Vigilceremony scheduled for Saturday, Oct. 14

Published on Thu, Oct 12, 2006 by ack Kintner

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Vigil ceremony scheduled for Saturday, Oct. 14

By Jack Kintner

In unveiling a bronze sculpture that is already being called the centerpiece of downtown Blaine, a combination of city officials and directors from the sponsoring Pacific Arts Association will dedicate the Vigil statue this coming Saturday, October 14, with a street fair, speeches, presentations, recognitions and a surprise ending.

The 850-pound statue, a little less than six feet high, was installed on Wednesday of this week after being trucked up from the Bronze Works foundry in Tacoma. Once lowered into place on its ton and a half concrete pedestal, it was immediately covered awaiting its first public showing sometime after festivities begin at the H Street boardwalk plaza at 1 p.m. Saturday.

The $175,000 sculpture has taken well over a year to produce but has already received 93 percent of its funding. Sources include a combination of $15,000 from the city’s Blaine Tourism Advisory Committee (BTAC), the balance being corporate and private donations and many donated professional services, including those of the sculptor, Blaine resident Bob McDermott, who donated virtually all of his work in creating the memorial.

He’s best known in the area for having created the Dirty Dan Harris sculpture in Fairhaven, a miniature (or “maquette”) of which now is on display at the Whatcom Education Credit Union next to Cost Cutter grocery.

A member of the National Sculpture Society, he has over 100 other works on display in Colorado, California, and in private homes and galleries all over the country.

The concept of this sculpture originated with McDermott several years ago when he could find no fishing memorials that depicted the families left behind to work and wait for husbands, brothers and sons to return, nor did any of the memorials he found include women.

In these days before radio, when families lost men at sea they found out from other fishermen or by simply by not having their loved ones return, so people waiting on shore, keeping a vigil, was a common sight.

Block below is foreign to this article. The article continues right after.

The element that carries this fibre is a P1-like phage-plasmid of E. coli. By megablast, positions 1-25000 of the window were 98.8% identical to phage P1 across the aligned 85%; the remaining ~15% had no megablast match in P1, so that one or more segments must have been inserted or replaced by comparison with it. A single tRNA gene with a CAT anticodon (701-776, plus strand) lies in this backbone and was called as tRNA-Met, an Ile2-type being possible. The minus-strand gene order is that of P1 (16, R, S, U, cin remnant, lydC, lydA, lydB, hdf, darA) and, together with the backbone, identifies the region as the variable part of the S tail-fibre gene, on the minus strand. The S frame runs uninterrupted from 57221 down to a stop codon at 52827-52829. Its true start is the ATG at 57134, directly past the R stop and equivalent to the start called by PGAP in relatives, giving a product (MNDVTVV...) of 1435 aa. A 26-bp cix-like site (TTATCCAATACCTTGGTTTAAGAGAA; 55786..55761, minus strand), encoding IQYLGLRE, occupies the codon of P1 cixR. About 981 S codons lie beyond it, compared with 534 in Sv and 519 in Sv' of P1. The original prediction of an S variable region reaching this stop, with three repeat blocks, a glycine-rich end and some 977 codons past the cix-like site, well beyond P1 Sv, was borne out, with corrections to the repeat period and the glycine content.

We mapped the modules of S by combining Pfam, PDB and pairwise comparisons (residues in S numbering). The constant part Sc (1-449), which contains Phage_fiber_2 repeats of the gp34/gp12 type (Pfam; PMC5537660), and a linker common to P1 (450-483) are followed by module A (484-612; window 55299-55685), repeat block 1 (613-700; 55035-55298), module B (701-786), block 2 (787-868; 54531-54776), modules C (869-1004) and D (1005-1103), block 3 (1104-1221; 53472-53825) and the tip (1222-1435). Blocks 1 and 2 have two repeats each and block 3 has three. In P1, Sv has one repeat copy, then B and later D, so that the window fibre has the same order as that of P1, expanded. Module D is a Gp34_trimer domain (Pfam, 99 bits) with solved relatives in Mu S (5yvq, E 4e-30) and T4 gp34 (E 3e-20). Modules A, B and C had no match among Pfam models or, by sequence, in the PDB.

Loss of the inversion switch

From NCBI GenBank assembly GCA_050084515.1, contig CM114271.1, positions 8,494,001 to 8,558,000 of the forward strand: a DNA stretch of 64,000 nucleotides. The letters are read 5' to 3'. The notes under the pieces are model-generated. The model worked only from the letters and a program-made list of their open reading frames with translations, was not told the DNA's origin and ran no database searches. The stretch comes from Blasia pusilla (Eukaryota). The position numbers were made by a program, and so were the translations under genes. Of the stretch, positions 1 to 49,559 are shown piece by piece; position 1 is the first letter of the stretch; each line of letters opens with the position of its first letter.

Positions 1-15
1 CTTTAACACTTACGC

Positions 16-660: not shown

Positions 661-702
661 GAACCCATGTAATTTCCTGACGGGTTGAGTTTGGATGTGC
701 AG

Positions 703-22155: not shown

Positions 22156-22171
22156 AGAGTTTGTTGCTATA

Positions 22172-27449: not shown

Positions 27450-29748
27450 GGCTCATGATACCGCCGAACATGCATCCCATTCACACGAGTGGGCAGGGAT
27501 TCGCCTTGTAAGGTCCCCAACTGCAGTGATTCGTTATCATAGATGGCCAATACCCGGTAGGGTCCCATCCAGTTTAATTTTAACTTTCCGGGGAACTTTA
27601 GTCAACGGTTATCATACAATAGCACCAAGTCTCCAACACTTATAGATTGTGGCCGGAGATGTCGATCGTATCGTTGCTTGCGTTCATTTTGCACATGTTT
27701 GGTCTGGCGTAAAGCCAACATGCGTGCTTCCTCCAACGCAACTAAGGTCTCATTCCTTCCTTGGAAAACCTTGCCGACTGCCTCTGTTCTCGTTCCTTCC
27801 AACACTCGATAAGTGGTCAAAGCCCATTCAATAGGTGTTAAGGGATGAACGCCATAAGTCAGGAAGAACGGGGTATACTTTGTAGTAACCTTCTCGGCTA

The Vigil shows three generations represented by a young boy of 11, a woman in her 30s and another in her 50s. “They’re representative of the generations of Blaine’s mostly Icelandic fishing community, but are not necessarily related,” said McDermott, “although recently I had someone ask me if this concept had anything to do with my own family, and I realized that it sure does.”

McDermott said that as a boy in St. Petersburg, Florida, he grew up with his mother and her mother and often visited the beach. “I even had a little dog,” he laughed, “but this is not a picture of my family.”

McDermott said that the figures represent typical members of fishing families “after the turn of the 20th century up until the building of the Peace Arch, an era when fishing was a key economic base for the community.”

Several people who remember those days from their childhood have been invited as honored guests, including Len Breidford, Bert and Thelma Isakson, Rod and Juanita DeMent and Norma Wolten Kruse, who at 99 will be the oldest local pioneer in attendance.

The models for the sculpture have Scandinavian roots. Jan Westman Hrutfiord, whom McDermott met at a meeting of the local Blaine Icelandic Heritage Society, is the daughter of well-known local fisherman Eythor Westman and modeled both women.

McDermott met Andrew Dahl, who has Swedish heritage and modeled the young boy at the SummerAire art show in 2004.
Harmonys, a small dog belonging to Barbara and the late Blaine Mayor Dieter Schugt, modeled the dog the young boy is holding. “Originally I had the boy pointing out to sea, or holding a toy sailboat,” said McDermott, “but this way the people are looking at each other and sharing a moment of anticipation.”

The project was given life when the Pacific Arts Association (PAA) agreed to organize fundraising. The project had already been endorsed by both the city council and its Blaine Tourism Advisory Committee (BTAC) but no funding or sponsorship was granted until the PAA took it on at a meeting held at Bob Boule’s Smuggler’s Inn.

Blaine city councilman Bruce Wolf agreed to head up the committee. “Not one person in the year or so that this has taken has objected to this project,” he said, “and in fact it’s been quite touching the way that it’s been adopted by the community already.”

Peace Portal Drive between G and Martin Street and H Street from Peace Portal Drive to the alley, will close to vehicles between 1 and 4 p.m. for the ceremony.